“Precise” doesn’t begin to describe up-and-coming flamenco sensation Karen Lugo’s dancing. Every line and pose she strikes seem as carefully calibrated as the inner mechanisms of a Philippe Patek watch. Every arch of the back, every turn of the wrist appears set to the centimeter, each posture carefully considered and fully embraced, even if only for a millisecond.
This precision will be on stage for Miami to see when Lugo, 29, performs at the Miami-Dade County Auditorium on Sunday as part of FUNDarte’s No Borders series. Direct from performances at Madrid’s famed Casa Patas, she will present her new concert-length work, Flamenco Frequencies, with male dancer Ricardo Moro, guitarist José Manuel León, percussionist Miguel Hiroshi and singers El Trini and Alicia Carrasco.
It certainly doesn’t hurt that Lugo looks the part of the quintessential female flamenco dancer. With her exquisite neck, long limbs and black eyes, she is a prototypical Andalusian beauty. That she is not Spanish, but Mexican, only adds to her exotic allure. Noted choreographer Javier Latorre, with whom she worked in the Carlos Saura film Flamenco, Flamenco, once said of Lugo that “she has all of the volcanic power of her native land, the necessary force to cross the planet in search of what she most desires. She’s Mexican and she’s the most ‘flamenca’ of any artist in the world.”
This will be Lugo’s first appearance in South Florida, an increasingly important hub on the world flamenco scene. Three years ago, on her first U.S. tour, she played to sold-out houses and nightly standing ovations. “We had a great response from the audience,” she said. “People really gave themselves over to the work.”
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With one foot firmly planted in flamenco’s rich traditions and the other in modernity, Lugo is comfortable straddling the gap between two worlds. Of Flamenco Frequencies, she said, “We touch on some points that are very traditional; at another point we touch on experimentation … and later we go into more fusion, let’s say, something more contemporary.”
Lugo is intensely focused on searching out new ways of expanding the dance’s boundaries. “She is somebody who is constantly searching for common roots and how we create dialogue,” said fellow flamenco dancer and FUNDarte cofounder Niurca Márquez, who is also impressed by Lugo’s authenticity. “She has a clear sense of artistic purpose that is unusual in someone so young,” Marquez said. “She knows who she is and is chipping out a space for that person in the world of flamenco.”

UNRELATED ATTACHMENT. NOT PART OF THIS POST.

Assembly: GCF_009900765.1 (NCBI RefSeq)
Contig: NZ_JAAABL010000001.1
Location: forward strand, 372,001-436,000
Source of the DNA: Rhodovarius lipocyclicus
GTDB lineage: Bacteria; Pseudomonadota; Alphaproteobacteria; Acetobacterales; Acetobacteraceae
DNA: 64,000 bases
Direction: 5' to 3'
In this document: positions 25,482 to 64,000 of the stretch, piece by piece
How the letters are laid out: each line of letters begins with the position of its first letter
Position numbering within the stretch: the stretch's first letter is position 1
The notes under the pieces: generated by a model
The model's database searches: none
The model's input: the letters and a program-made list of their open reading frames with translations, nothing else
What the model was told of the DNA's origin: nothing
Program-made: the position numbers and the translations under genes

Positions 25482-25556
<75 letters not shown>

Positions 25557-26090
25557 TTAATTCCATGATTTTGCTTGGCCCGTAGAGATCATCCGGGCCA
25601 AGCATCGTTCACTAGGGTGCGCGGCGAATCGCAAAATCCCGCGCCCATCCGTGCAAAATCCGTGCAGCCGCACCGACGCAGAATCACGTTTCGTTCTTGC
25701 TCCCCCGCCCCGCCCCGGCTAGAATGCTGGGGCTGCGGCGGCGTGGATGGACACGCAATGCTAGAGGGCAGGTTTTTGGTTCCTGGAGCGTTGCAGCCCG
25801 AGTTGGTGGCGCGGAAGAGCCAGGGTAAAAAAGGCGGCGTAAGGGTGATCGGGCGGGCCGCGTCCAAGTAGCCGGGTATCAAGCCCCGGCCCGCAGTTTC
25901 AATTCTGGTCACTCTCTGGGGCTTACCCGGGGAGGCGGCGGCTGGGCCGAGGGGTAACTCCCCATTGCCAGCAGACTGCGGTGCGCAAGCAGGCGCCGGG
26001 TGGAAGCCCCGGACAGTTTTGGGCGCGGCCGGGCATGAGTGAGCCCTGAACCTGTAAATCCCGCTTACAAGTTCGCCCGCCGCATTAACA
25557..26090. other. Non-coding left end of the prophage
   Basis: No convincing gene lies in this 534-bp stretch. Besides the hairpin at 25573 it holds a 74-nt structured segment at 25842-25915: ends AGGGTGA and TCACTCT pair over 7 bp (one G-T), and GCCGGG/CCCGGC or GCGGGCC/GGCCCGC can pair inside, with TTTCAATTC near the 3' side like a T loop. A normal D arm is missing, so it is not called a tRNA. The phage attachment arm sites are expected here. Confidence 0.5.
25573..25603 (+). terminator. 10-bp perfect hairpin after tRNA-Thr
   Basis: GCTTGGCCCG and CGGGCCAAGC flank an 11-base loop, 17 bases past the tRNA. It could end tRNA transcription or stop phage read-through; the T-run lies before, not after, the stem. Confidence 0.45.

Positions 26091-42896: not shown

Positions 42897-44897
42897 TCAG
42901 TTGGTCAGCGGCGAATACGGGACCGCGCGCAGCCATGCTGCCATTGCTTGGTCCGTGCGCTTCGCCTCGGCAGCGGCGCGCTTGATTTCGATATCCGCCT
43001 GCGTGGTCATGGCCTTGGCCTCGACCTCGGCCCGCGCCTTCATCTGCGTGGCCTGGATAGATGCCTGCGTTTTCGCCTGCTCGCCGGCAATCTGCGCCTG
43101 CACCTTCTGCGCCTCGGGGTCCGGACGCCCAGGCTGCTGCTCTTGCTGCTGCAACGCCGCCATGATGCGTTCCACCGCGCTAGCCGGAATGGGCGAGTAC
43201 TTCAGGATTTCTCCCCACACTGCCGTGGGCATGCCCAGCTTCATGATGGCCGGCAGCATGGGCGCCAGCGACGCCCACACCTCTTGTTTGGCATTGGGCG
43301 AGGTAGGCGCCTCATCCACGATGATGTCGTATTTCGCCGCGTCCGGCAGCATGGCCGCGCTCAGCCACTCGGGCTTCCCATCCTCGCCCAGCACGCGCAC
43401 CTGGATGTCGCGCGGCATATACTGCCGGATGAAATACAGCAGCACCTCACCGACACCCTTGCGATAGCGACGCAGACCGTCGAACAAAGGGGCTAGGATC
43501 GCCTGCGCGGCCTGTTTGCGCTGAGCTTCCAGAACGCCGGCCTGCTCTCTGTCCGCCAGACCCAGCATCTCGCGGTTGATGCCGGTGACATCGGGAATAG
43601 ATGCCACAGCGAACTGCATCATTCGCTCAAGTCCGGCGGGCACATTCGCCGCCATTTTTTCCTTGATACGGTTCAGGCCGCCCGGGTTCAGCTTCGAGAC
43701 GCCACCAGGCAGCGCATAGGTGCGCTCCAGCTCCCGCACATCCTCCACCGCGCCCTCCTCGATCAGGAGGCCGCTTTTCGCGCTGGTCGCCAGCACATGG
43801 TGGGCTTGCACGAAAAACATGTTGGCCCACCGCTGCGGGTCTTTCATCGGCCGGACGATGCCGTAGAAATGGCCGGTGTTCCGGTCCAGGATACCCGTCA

Flamenco has been part of Lugo’s life since childhood, but she turns to many different sources to nurture her work. Her strong classical ballet background is readily apparent in her technique. The stamp of contemporary dance can be seen in the unconventional angles of the head and twists of the body one sees in her choreography. She also loves the martial arts and their sharp, powerful gestures. Finally, flamenco’s deepest roots in Indian classical dance can be found in the expressiveness of Lugo’s eyes and hands: “The hands tell stories,” she said.
Founded 15 years ago in Madrid, the Casa Patas Foundation is dedicated to bringing the best new flamenco artists out of Spain and onto the world stage. As for Miami’s FUNDarte, it has an impressive record of presenting some of the most compelling and challenging performers working in the genre today, from Juan Carlos Lérida’s groundbreaking ToCaBa to last year’s presentation of the unpretentious, irrepressible Mariana Collado and her partner Carlos Chamorro in Flamenco de plomo y cobre.
Like any living art form, flamenco is constantly changing, and gutsy artists like Lugo are at the vanguard of that shift. “Flamenco will continue evolving in an endless series of possibilities,” Lugo said. “I love to see that it is expanding. I love seeing the different possibilities that this offers. Things will happen that we cannot even imagine. … If you truly feel it and if you do it with respect, then everything will turn out well.”
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If You Go
What: “Flamenco Frequencies” by Karen Lugo and the Casa Patas Foundation
When: 7 p.m. Sunday
Where: Mid Stage at Miami-Dade County Auditorium, 2901 W. Flagler St. Miami